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Black Grouper


A hefty bottom dweller, the black grouper can reach a weight of over 100 lbs.  Many fish over 50 lbs. are cought in Key waters year round.  Even smaller fish of 20-30 lbs. fight hard and are known for their short, high torque runs.  On the reef, they are usually found close to their hiding hole, and often get "rocked up" after being hooked by the angler.  The usual result of this is a cut leader.  This is always followed by the cussing of the disappointed angler.

Black grouper prefers deeper water, especially during warmer summer months.  During the winter and spring however, they can be found quite shallow.

Many anglers have good success trolling diving plugs on the edges of the shallower reef bottom.   Especially, the blacks become more active and hungry, just before a cold front.  They will readily come off the bottom and nail anything that looks like food.

Because black grouper can be found in such of range of depths (30-300 ft.), the methods and tackle used to catch them can be quite different.  Please check out  the suggested tackle page  on more info.  I will discuss  several general fishing situations that we encounter on our trips to the Dry Tortugas.

Black grouper spawn in March and April over reef bottom usually in 30-120 ft. of water.  This is when the majority of them are cought by anglers in the Winter/Spring months.  Another type of black grouper fishing is done in deeper water - 120-250 ft.  There, the black grouper can be cought year round.  They usually hold around some sort of structure like a ledge, hard bottom, or a wreck.  They are not as concentrated in the deep as they are on the reef, but run larger in size.  Over the years I have cought dozens of fish over 50 lbs., majority of them on the reef.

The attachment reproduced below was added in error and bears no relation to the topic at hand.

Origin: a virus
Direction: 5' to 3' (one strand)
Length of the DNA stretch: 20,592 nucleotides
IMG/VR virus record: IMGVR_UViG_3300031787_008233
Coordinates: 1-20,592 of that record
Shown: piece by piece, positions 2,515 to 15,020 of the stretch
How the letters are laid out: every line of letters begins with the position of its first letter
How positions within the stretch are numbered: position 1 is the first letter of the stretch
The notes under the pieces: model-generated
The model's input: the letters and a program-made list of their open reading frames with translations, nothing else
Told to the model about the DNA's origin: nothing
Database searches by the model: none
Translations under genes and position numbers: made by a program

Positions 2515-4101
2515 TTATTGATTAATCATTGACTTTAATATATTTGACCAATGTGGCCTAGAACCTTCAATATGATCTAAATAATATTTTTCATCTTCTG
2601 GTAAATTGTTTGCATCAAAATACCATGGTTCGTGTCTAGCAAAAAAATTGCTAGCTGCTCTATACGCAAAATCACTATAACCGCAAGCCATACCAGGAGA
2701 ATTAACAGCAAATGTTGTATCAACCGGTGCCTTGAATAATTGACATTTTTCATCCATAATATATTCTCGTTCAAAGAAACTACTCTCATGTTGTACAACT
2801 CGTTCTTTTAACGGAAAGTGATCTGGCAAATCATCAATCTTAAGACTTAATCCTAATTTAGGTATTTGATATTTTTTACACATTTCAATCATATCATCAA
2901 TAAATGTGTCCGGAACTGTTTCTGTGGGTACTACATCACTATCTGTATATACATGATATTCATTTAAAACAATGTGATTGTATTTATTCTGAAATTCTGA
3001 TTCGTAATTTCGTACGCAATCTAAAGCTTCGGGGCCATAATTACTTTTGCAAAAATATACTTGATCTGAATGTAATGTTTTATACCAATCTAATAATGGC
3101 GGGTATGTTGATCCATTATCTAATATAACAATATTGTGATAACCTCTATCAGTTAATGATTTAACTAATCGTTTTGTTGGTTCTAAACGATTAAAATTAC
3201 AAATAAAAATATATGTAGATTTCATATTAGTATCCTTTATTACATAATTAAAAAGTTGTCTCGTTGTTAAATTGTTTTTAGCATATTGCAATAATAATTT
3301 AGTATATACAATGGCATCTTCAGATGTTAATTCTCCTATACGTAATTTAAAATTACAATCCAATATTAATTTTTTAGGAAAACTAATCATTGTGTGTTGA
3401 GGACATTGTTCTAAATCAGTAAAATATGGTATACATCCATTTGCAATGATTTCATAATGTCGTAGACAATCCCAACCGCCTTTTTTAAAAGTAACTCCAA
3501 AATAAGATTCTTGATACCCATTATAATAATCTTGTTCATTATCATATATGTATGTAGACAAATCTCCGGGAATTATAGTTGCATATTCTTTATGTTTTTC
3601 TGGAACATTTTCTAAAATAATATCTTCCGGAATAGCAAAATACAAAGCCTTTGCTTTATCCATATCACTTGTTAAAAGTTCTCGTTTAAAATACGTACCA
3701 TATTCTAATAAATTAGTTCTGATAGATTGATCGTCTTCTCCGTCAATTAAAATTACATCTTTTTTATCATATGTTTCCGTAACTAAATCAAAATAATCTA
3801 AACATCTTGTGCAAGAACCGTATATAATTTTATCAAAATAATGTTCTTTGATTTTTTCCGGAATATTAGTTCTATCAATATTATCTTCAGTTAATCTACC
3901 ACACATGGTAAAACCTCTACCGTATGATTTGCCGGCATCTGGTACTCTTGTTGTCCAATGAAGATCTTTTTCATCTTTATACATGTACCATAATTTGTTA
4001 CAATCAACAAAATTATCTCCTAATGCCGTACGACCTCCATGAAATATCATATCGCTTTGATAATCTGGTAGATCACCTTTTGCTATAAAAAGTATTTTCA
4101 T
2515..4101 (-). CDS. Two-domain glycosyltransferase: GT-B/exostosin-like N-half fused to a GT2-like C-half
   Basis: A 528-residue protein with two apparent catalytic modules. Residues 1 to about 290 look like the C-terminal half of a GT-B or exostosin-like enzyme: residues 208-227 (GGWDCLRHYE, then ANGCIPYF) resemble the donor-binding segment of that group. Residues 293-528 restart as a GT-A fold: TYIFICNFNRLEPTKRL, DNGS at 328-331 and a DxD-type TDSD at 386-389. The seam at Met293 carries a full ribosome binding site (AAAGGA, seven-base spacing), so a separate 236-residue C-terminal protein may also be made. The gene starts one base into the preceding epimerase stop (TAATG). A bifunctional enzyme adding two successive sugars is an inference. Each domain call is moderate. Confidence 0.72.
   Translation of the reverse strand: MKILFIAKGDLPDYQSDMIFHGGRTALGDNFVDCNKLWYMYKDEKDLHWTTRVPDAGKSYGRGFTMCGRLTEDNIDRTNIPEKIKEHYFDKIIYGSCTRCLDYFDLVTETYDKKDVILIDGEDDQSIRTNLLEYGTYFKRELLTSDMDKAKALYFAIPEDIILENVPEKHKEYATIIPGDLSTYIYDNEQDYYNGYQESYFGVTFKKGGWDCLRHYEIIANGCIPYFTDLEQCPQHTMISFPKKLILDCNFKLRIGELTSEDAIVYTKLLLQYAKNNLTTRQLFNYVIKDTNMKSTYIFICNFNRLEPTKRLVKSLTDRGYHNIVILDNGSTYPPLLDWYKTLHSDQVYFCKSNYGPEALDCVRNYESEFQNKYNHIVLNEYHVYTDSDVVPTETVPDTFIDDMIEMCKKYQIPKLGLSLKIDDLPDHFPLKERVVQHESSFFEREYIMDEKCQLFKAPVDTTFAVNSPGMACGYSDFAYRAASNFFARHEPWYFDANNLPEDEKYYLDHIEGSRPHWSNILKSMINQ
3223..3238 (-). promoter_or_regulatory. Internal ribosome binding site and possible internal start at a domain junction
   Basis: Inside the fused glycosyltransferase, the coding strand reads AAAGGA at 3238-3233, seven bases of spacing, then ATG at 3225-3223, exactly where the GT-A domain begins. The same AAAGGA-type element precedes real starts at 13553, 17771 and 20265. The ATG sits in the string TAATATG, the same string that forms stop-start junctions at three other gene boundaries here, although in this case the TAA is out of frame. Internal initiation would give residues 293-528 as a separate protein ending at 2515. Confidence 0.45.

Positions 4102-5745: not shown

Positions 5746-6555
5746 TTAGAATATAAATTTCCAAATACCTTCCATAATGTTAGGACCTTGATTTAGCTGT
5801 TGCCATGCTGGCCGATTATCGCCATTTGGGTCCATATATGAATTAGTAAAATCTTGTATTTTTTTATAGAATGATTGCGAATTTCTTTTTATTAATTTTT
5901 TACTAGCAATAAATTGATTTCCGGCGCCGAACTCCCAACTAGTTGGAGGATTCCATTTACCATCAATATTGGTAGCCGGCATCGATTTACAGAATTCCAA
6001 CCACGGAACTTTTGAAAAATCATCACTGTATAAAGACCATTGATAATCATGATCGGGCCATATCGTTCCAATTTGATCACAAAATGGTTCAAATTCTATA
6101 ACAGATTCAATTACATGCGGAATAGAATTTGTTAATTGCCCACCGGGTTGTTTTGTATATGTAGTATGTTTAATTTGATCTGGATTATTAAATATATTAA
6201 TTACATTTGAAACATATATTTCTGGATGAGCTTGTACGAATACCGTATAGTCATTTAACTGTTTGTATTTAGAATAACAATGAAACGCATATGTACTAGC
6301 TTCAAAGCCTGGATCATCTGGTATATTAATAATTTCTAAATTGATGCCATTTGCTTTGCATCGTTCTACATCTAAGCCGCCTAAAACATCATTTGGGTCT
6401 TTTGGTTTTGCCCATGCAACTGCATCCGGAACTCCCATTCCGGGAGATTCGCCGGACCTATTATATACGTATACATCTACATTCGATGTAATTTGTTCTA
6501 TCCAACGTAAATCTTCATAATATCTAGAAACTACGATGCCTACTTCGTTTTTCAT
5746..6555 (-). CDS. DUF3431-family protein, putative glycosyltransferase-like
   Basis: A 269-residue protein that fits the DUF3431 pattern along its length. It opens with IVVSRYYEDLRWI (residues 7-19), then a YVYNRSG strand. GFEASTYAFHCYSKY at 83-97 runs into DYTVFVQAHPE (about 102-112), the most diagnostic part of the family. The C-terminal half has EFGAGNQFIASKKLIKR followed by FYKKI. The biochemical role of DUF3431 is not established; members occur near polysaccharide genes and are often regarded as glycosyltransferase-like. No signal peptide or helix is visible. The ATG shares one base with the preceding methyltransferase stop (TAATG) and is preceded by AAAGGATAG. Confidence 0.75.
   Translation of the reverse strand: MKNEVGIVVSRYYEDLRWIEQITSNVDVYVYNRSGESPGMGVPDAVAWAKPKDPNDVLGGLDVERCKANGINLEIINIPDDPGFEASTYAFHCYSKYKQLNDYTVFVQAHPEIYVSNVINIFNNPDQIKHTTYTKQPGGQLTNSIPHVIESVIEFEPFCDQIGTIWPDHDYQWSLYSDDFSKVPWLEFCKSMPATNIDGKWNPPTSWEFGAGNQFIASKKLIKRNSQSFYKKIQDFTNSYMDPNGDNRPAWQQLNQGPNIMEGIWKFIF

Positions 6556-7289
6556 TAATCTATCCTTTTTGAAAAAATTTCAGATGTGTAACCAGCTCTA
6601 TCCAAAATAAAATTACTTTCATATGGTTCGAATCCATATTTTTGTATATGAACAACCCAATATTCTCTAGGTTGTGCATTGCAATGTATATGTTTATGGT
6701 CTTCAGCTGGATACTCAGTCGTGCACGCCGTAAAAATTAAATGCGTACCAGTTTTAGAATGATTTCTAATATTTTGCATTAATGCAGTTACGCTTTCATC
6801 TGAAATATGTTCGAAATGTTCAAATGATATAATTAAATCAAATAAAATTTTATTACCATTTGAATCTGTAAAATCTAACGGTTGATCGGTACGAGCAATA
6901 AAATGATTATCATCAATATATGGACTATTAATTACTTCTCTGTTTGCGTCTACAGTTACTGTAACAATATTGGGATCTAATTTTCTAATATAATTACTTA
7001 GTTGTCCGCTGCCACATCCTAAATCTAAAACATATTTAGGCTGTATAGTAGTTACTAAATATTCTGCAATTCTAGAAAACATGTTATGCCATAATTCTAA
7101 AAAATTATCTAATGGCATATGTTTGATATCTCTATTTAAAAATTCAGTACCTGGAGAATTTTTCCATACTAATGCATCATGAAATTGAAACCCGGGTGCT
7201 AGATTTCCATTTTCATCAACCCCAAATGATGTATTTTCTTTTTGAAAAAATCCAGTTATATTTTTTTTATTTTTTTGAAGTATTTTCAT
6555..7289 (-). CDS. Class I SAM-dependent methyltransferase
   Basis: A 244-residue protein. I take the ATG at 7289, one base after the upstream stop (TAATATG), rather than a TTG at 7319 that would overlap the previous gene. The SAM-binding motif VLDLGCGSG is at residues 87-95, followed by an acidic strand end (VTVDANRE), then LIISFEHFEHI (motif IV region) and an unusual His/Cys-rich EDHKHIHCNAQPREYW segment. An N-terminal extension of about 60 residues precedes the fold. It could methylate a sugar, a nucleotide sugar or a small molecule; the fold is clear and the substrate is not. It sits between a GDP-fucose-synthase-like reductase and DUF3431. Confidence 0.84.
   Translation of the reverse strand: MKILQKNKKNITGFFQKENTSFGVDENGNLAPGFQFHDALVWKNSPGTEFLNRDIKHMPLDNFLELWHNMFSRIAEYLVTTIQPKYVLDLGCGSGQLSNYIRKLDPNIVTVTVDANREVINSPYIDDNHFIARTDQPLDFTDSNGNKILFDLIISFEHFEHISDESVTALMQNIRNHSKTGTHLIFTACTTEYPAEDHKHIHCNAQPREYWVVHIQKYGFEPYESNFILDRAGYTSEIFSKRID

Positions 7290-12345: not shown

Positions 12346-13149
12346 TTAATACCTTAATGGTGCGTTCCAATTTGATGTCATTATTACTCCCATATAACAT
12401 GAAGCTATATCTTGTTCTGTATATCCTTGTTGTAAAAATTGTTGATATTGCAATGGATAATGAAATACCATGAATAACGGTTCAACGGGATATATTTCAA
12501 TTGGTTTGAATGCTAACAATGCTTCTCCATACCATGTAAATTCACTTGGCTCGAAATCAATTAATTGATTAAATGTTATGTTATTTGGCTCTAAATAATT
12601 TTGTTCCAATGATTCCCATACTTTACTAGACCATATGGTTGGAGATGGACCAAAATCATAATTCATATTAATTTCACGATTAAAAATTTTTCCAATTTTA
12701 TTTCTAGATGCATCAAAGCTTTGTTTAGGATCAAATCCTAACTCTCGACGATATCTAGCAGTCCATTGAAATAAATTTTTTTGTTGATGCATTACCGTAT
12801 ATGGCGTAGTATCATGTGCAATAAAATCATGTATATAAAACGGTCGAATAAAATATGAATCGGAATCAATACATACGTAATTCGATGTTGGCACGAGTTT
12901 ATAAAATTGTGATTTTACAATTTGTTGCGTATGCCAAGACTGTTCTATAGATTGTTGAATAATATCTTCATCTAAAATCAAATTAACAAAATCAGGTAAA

There are few things that an angler needs to keep in mind when targeting black grouper (remember that the fish will break all the rules from time to time).  I find that the tackle most fisherman are using for general bottom fishing, is just too light for black grouper on the reef.  The blacks are masters at picking up the bait, and making a mad dash to the nearest hiding hole in the reef, often before the angler gets even a chance to react.  The result of this is usually a broken leader.  Unlike most other grouper, the black grouper that is lost, is not likely to hit the bait again for quite some time.  Most anglers will only get one or two chances at a trophy fish during the trip, so a broken leader is not an option.

80 lb. gear is not too heavy when targeting big blacks on the reef.  If using lighter gear, I reccomend using a 6'-8' of  #6 or #7 wire leader.  Black grouper will hit the wire almost as well as mono, and will greately increase the chances of getting one in the boat.  Using a heavy mono leader and much lighter main line does not work as well in keeping the blacks out of the structure.  Heavier main line and tight drag are required to muscle the bigger fish away from the structure.  Even heavy monofilament cuts very easily against the coral when put under tension of the hooked fish.

Reaction time needs to be quick by the angler.  When you feel the unmistakeable "tick", reel like heck to quickly pick up any slack and stretch in the line.  Usually, when executed properly, the hook will set itself. 

Larger circle hooks work well for black grouper.  These hooks are also less likely to snag bottom.  I like to put slight off-set in my circle hooks using pliers.  Make sure that the hooks are large and heavy.  When shopping for hooks for black grouper, be careful! There are many models of expensive hooks that work well for most fish, but will straighten out or break under the heavy load of a big black.